43 new Voluntary Commitments for the implementation of Sustainable Development Goal 14 to #SaveOurOcean were received this past week. The distribution of entities that put forward commitments include Governments (12); IGOs (7); UN entities (7); NGOs (4); Private Sector (5); Partnerships (2); Academic Institutions (2); Scientific (2) Philanthropic Organization (1) and Other actors (1).
Among governments is a commitment from Spain for training and capacity building on fisheries for young men and women through the INTERMARES training vessel for Latin America. Six commitments from the State of California of the United States were also received, and 3 from France. In addition, 1 commitment was received from Cook Islands.
Among the IGOs were commitments from the Baltic Marine Environment Protection Commission (HELCOM), committing to cutting 80% of NOx emissions from ships operating in the Baltic Sea, and a commitment from the Association of Caribbean States (ACS) on strengthened regional cooperation for national action on the sustainability in the Caribbean Sea. Other commitments from IGOs include the Southern African Development Community (SADC), the International Hydrographic Organization (IHO), the South Asia Cooperative Environment Programme (SACEP), and the International Seabed Authority.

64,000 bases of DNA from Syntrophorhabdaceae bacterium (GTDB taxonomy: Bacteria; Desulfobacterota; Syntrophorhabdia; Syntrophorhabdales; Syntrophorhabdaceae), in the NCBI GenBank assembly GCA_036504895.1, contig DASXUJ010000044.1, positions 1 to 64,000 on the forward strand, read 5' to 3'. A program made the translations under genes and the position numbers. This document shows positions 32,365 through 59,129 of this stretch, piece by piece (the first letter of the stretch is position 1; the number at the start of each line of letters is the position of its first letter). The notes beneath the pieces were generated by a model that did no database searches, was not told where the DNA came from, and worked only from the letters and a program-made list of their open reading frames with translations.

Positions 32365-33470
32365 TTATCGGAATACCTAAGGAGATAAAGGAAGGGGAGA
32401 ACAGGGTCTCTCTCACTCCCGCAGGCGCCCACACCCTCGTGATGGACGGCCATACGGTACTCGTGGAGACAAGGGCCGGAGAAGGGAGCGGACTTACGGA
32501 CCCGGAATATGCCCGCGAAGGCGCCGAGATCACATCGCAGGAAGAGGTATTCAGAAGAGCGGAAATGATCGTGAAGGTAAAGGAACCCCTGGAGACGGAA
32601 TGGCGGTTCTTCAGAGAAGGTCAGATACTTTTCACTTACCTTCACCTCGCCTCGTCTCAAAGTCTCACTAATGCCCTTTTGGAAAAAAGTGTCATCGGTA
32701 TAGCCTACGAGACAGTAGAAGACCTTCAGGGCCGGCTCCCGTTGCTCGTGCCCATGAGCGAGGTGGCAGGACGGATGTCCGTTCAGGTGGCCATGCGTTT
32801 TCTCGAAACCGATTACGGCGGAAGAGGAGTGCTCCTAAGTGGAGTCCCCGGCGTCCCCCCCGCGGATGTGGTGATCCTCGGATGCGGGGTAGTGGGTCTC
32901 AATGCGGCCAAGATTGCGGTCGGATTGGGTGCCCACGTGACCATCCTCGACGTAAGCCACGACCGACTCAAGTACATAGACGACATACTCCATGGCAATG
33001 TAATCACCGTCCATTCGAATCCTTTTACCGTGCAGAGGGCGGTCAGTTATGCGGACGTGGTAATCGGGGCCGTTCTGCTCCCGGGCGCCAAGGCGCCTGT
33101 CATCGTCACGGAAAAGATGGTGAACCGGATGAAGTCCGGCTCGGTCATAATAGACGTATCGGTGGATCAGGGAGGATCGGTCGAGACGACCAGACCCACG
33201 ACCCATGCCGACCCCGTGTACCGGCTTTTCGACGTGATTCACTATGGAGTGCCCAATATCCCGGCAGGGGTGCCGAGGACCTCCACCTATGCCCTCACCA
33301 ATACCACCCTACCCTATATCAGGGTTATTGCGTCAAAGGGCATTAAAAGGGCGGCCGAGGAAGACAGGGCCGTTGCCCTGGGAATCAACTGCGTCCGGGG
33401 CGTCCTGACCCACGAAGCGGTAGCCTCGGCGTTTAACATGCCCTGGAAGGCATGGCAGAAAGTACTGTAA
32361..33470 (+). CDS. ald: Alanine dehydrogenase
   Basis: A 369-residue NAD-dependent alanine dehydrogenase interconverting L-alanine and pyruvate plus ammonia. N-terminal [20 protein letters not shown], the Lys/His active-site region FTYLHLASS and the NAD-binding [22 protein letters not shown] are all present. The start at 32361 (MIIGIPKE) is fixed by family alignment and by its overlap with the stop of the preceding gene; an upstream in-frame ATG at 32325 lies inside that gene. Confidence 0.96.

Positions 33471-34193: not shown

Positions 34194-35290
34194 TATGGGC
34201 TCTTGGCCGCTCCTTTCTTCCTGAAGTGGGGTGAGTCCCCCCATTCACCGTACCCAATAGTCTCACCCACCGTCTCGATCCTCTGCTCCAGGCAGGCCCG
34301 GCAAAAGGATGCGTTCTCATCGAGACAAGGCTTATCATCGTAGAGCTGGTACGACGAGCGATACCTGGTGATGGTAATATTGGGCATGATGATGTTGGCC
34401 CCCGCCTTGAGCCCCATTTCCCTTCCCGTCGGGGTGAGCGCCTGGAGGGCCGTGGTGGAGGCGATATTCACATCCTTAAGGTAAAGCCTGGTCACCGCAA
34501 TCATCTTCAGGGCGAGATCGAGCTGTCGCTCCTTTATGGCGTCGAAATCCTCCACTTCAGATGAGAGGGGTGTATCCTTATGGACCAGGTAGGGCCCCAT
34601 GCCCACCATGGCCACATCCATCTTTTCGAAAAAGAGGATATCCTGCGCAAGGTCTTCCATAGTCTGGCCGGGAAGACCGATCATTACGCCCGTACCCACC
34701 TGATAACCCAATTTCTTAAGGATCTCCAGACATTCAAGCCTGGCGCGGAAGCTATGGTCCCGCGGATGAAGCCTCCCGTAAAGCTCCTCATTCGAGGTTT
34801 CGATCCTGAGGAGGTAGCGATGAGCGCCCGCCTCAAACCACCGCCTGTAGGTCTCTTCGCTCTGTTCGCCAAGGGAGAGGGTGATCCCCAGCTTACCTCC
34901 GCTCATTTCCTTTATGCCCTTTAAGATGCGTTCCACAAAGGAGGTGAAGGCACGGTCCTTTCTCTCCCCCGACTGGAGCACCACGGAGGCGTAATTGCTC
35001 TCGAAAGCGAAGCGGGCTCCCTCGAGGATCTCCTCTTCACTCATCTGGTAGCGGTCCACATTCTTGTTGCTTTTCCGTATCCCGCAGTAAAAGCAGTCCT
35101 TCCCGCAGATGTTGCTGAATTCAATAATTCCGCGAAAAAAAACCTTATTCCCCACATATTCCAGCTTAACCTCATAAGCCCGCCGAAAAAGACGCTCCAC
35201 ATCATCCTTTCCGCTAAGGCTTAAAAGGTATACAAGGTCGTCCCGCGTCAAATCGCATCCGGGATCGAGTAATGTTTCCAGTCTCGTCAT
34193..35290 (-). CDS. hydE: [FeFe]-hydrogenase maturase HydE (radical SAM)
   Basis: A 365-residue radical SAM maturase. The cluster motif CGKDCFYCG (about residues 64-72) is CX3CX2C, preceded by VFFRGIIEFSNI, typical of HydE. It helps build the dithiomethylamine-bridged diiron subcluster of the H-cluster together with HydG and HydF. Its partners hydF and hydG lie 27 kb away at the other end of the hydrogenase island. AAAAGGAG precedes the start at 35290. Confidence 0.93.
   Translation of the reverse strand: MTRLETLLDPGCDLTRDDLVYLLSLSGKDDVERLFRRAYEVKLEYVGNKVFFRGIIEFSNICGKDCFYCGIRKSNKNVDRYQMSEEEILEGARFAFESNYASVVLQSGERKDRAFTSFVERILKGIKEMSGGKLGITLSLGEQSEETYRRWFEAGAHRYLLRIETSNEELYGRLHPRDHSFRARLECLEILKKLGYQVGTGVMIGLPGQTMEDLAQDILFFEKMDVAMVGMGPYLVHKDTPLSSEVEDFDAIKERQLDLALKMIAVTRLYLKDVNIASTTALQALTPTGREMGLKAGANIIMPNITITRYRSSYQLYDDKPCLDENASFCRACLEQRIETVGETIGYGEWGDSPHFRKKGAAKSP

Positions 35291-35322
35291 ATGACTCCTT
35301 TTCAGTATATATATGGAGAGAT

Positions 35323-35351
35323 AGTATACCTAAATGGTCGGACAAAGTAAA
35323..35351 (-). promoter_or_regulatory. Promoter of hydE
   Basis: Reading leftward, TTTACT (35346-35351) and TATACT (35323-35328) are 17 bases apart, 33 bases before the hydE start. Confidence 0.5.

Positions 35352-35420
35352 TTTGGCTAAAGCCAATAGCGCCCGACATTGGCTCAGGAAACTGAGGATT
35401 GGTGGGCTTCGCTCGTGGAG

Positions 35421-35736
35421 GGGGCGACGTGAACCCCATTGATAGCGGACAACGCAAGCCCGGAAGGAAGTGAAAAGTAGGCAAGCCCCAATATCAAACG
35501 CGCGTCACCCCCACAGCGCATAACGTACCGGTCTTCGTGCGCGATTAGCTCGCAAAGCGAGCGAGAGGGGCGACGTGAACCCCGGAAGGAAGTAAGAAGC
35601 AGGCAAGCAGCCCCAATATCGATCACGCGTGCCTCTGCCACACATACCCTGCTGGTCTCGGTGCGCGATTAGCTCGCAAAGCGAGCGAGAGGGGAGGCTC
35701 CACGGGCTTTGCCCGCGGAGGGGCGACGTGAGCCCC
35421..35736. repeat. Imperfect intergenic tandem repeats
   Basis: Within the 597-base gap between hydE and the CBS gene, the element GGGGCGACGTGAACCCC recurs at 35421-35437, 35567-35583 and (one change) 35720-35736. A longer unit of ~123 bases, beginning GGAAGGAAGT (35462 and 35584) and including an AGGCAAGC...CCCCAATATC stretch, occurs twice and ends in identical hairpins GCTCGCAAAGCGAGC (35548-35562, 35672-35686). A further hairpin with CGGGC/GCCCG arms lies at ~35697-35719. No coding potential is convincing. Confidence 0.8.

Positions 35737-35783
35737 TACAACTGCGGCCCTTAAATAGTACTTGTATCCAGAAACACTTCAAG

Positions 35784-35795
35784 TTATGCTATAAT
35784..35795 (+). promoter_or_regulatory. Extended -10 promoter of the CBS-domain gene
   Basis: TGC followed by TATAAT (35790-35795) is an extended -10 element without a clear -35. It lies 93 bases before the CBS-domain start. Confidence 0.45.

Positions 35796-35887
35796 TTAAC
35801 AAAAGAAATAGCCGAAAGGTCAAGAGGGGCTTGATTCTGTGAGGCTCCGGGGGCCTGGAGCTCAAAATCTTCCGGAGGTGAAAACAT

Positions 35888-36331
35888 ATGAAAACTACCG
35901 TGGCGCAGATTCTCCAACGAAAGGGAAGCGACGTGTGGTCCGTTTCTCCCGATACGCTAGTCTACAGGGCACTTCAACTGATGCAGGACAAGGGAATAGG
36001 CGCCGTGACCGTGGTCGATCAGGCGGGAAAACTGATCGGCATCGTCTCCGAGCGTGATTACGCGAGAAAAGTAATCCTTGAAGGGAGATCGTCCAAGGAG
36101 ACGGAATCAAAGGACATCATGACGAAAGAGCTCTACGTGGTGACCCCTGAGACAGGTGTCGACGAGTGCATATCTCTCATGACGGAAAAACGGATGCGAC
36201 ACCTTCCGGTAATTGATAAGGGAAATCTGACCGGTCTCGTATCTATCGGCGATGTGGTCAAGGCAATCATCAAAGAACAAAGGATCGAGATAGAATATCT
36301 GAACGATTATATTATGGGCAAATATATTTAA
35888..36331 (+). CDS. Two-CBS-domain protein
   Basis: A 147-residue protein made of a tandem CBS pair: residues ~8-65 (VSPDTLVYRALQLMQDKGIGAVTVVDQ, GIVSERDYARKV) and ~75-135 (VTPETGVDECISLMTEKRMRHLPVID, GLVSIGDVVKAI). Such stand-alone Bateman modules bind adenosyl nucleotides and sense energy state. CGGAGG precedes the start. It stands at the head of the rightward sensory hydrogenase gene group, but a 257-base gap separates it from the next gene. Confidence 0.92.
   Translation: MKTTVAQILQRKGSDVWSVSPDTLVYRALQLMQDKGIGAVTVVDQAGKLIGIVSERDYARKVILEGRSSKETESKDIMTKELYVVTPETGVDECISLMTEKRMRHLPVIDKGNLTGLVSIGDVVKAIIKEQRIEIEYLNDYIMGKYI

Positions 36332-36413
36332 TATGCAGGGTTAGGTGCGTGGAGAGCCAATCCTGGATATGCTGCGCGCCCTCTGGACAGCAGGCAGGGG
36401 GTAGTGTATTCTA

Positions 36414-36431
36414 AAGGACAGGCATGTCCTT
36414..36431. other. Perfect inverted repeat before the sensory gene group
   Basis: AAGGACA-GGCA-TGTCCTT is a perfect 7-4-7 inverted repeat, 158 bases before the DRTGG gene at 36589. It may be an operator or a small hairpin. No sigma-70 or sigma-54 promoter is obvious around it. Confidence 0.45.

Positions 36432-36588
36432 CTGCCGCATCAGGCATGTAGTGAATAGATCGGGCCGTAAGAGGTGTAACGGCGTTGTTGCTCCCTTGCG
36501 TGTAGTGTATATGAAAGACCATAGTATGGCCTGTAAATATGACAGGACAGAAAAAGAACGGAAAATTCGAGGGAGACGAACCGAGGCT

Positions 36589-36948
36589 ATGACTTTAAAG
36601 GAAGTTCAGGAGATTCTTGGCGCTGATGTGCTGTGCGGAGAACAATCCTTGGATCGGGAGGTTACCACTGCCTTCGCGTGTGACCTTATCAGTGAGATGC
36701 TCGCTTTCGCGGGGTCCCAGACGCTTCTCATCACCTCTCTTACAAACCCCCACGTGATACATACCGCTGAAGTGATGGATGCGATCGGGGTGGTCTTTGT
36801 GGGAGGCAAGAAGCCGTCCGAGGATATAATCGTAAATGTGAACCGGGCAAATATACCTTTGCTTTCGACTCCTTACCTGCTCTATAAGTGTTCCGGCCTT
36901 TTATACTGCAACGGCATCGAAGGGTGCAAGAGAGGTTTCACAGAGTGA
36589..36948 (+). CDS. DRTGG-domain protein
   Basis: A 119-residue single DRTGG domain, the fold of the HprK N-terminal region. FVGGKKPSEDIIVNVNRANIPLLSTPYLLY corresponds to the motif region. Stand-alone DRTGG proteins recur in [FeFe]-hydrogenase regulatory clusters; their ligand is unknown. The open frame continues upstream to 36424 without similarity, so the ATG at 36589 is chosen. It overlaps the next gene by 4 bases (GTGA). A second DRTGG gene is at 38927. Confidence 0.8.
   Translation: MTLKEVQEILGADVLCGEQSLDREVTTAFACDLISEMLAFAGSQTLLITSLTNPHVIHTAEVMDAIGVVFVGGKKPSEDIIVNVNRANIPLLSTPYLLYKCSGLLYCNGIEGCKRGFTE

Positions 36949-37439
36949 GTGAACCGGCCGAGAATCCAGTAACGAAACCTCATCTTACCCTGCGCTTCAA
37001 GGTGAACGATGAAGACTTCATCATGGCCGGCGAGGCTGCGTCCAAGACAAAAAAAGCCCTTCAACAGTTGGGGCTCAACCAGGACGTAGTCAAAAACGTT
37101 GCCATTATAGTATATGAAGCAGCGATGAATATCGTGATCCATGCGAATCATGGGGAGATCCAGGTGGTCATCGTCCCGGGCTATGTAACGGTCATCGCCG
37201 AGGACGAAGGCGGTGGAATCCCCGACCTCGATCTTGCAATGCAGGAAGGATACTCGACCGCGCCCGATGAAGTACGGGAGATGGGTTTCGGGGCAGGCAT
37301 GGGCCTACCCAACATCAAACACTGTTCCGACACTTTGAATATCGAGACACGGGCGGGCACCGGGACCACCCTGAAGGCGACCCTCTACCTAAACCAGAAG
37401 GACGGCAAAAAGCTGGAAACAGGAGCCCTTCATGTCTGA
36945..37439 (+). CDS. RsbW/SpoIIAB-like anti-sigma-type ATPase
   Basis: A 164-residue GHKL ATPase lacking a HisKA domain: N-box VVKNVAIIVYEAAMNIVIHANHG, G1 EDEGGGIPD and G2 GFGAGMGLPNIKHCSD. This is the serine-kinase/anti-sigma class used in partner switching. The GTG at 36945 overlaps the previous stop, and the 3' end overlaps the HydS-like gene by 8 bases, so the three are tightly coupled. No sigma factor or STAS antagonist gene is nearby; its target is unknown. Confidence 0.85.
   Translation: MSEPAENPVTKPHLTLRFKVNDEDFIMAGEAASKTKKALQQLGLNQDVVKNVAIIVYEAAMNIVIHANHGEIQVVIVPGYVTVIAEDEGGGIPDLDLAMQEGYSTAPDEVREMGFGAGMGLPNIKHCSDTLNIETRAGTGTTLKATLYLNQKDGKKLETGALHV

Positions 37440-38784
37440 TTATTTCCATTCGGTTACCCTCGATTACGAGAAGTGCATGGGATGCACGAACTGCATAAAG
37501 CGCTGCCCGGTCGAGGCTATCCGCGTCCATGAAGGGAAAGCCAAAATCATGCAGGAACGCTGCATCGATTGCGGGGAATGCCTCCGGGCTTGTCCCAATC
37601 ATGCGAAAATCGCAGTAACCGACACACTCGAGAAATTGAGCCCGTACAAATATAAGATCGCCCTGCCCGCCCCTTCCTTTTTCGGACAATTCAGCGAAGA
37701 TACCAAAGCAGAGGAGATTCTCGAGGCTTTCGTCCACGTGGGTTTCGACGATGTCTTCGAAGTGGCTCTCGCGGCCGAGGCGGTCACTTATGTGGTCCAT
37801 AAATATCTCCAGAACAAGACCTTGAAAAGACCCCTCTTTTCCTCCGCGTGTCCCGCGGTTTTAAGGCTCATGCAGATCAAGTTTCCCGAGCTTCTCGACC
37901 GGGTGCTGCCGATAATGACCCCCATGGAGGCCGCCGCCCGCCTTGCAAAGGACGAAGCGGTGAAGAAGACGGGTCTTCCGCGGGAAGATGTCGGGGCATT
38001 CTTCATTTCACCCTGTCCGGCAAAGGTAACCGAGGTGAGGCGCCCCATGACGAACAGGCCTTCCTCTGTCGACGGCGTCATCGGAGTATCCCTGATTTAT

Commitments from other stakeholders include: Vulcan Inc (a Paul G. Allen Company) committing to help address the problem of illegal fishing and a commitment from Legambiente ONLUS (an NGO) to promote a ban on plastic carrier bags below 100 microns, except bags for primary transport. Others include Future Earth which has established multi-stakeholder platform the Ocean Knowledge-Action Network which aims at advancing integrated ocean research globally to chart a course from knowledge of ocean systems.
Lead Entity: Southern African Development Community (SADC).
This Voluntary commitment aims to strengthen/establish fisheries MCS mechanisms in the regional fisheries sector. This will be done through expanding on existing inter-governmental cooperation mechanisms between coastal countries to implement the regional joint action plans (deterrent laws and regulations in place, sustainable national capacities in place to monitor and control the fishing activities in their waters); coordinating and hosting the regional database exchange systems, the deployment of joint patrols and joint inspections in the fishing waters and in the landing areas or ports, in the market places and in the major trade centres within the cooperation areas; performing risk analysis relating to the most important conservation and management measures enforcement challenges ahead for each and every fishery (artisanal and industrial) targeting the species covered within the RFOs' Agreements; effective monitoring of the fishing activities and of the traceability of the fisheries products, to deter access market by IUU caught fish; supporting the strengthening of prosecution systems and legal regimes in combatting IUU fishing; and fostering compliance of the parties to the national legislation and regional fisheries management organisations.